Nearly every day someone asks me something like, “When did you know that Jack wasn’t normal?” And then they stop themselves, stammer a bit, and apologize for saying normal. Their faces get all red and they look away and stare at their feet. “I mean, you know, what’s normal, there is no normal, sorry for saying normal.”
I can never understand what all the fuss is about. Personally, I love the word normal. Normal is good. Normal is, you know, normal. If we didn’t have normal, we wouldn’t have other things like extraordinary or mediocre or stupendous. Normal sets the bar.
I mean, for the most part, I’m normal. I’m extraordinary at some things (making chocolate-chip banana bread) and mediocre at others (doing pull-ups). I’m not particularly stupendous at anything, so I feel like this balances me out to right around normal. It’s a pretty good place to be.
And the rest of my family? Pretty normal. They’re a quirky bunch for sure, but the quirky things like Henry’s rigidity and Joey’s fascination with Minecraft and Charlie’s anxiety about thunderstorms are balanced out by all of the other things they’re amazing at, like dancing to Thrift Shop and throwing a baseball and coloring in the lines. And making their brother Jack laugh.
Because Jack is not so normal. Jack does not laugh every day or even every other day. He does not like baseball or team sports in general, he does not play with other kids, he doesn’t look people in the eye. He won’t eat wet food and he’s terrified of dogs, blue water in the toilet bowl, and fire drills.
(Reading this, some of you may be gasping or cringing or feeling as though this post is incredibly inappropriate. Just let me say that’s okay, that’s a very normal reaction.)
But it needs to be said, and as his mother, I have to be the one to say it. I have to own this about him and his autism. He is not normal. It is not normal to ask the same question about black widow spiders a hundred times a day or to shriek if a dog comes on Funny Home Videos or to panic if the right radio station isn’t playing in the car.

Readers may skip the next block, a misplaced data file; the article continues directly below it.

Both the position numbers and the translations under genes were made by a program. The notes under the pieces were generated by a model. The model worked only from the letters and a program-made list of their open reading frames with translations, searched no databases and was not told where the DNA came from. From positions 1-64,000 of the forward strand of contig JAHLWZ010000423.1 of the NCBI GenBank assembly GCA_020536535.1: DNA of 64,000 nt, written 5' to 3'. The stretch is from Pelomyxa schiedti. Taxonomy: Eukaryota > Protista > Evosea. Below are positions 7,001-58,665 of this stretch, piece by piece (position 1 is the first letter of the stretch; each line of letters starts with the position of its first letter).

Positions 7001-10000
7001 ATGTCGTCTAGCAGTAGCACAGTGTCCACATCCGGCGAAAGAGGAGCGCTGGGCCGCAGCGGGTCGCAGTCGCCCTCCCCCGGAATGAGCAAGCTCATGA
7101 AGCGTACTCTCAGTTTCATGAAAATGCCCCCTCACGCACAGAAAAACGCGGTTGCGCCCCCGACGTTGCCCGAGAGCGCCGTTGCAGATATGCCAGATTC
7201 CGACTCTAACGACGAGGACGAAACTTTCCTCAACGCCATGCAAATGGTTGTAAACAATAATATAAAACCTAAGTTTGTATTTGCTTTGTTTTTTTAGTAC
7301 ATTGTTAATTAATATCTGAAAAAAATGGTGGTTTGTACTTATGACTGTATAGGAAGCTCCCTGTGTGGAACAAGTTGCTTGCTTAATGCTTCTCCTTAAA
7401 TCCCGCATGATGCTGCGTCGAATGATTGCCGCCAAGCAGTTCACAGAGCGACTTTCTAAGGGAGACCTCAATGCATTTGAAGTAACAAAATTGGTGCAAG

But you know what else is not normal about Jack? The uncanny way he remembers dates, his love of music, his ability to operate appliances. The way he defies his spectrum disorder to write letters and secretly admire.
Bill Gates isn’t normal. Mother Theresa isn’t normal, and neither is Hugh Jackman. They all have special qualities like brilliance and kindness and extremely good looks. (I’m referring to Hugh Jackman with this last one, in case there was any confusion).
Over the weekend we were at my sister’s house for her son’s First Communion, and in the middle of the party Jack was deregulated and distressed and excited. He was bouncing from room to room, making his way around the guests as he stimmed and zoomed. Every once in a while he would take his fingers out of his mouth long enough to screech at my sister to make sure her dogs were not going to break loose. Sarah, good aunt that she is, took this all in stride and soothed him by saying the dogs were away, he was safe, not to worry. I, terrible mother that I am, barely noticed, mostly because this is how Jack is every time we visit my sister and I’m used to him. Also because she had the best chocolate cake with sugary white frosting I’ve ever had, so I was distracted.